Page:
Conclusions and Relevance
Cardiorespiratory fitness in young adulthood and a PRS are modestly associated with midlife BMI, although future BMI is associated with BMI in young adulthood. Fitness has a comparable association with future BMI as does the PRS. Caution should be exercised in the widespread use of polygenic risk for obesity prevention in adults, and close clinical surveillance and fitness may have prime roles in limiting the adverse consequences of elevated BMI on health.
Body mass index (BMI) is a complex trait with inputs from environment (including diet, physical activity [PA], and socioecological factors) and genetics. Although some genomic studies1-3 of obesity suggest a heritability between 40% and 70%, most modern genome-wide association studies of obesity account for less than 4% of the variance in BMI, leading investigators to expand the search for susceptibility loci.4 The results of recent studies have suggested that a polygenic risk score (PRS) incorporating BMI associations ascribed to individual genetic variants across the human genome may be used to accurately predict the risk of obesity at a population level.1 These findings have prompted efforts to translate the PRS of obesity (and other complex human traits) to the clinical setting5 to increase diagnostic and therapeutic precision. In parallel, a widening body of literature has pointed toward sedentary lifestyle and decreased cardiorespiratory fitness as factors associated with obesity and obesity-related disease.6-15 Nevertheless, how these factors contribute (if at all) to BMI in midlife independent of BMI in young adulthood remains unclear. To understand how best to prevent (and treat) obesity, it is important to understand the contributions of each of these factors (environment and genetics) as they are viewed in the clinical setting to long-term development of increased BMI.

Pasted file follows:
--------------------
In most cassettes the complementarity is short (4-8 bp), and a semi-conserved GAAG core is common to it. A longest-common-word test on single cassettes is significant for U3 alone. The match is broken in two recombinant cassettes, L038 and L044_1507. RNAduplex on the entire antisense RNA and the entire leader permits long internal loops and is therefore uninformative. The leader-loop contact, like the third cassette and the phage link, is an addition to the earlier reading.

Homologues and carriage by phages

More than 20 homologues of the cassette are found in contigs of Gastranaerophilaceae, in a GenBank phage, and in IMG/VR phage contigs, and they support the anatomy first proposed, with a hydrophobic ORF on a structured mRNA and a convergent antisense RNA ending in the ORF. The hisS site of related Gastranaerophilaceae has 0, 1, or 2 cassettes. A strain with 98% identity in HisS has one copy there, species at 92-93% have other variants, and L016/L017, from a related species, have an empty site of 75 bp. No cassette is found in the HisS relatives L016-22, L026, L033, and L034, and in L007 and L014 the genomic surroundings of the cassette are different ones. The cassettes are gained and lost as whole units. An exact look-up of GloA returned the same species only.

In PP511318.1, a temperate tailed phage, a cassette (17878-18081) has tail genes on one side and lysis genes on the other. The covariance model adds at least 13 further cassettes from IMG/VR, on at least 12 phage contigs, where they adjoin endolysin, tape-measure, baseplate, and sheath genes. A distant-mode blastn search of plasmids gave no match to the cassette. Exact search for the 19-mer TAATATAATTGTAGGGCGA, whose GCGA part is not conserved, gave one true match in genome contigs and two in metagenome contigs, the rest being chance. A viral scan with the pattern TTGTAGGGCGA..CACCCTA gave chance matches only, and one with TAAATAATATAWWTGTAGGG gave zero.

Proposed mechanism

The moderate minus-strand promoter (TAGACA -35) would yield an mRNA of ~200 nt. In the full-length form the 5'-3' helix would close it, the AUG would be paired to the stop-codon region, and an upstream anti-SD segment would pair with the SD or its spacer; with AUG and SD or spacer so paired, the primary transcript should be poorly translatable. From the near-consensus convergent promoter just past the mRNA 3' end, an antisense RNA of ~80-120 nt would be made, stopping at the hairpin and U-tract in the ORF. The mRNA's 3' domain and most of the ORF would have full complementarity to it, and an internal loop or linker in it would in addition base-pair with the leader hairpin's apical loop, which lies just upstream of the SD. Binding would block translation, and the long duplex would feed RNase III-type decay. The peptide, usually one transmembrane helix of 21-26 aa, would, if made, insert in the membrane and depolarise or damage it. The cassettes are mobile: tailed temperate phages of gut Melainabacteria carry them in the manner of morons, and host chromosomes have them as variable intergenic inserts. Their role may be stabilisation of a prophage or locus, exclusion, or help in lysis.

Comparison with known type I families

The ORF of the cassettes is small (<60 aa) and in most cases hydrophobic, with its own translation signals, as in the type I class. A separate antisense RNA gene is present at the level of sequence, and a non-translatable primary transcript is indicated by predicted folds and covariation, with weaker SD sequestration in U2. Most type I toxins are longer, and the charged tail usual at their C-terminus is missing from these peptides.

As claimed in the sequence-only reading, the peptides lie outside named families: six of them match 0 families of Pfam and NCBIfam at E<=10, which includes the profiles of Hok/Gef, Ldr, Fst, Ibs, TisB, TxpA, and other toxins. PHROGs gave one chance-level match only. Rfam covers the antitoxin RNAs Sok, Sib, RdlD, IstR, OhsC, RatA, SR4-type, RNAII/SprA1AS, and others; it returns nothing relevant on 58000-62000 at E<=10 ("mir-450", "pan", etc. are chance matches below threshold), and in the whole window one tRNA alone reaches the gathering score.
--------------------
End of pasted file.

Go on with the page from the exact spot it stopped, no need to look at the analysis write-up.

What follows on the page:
In this prospective cohort study, we sought to quantify the relative importance of an obesity PRS, cardiorespiratory fitness, PA, parental history of overweight, and BMI in young adulthood regarding BMI trends over 25 years. We used data from the Coronary Artery Risk Development in Young Adults (CARDIA) study to estimate the association of these variables with BMI and to evaluate model fit and prediction.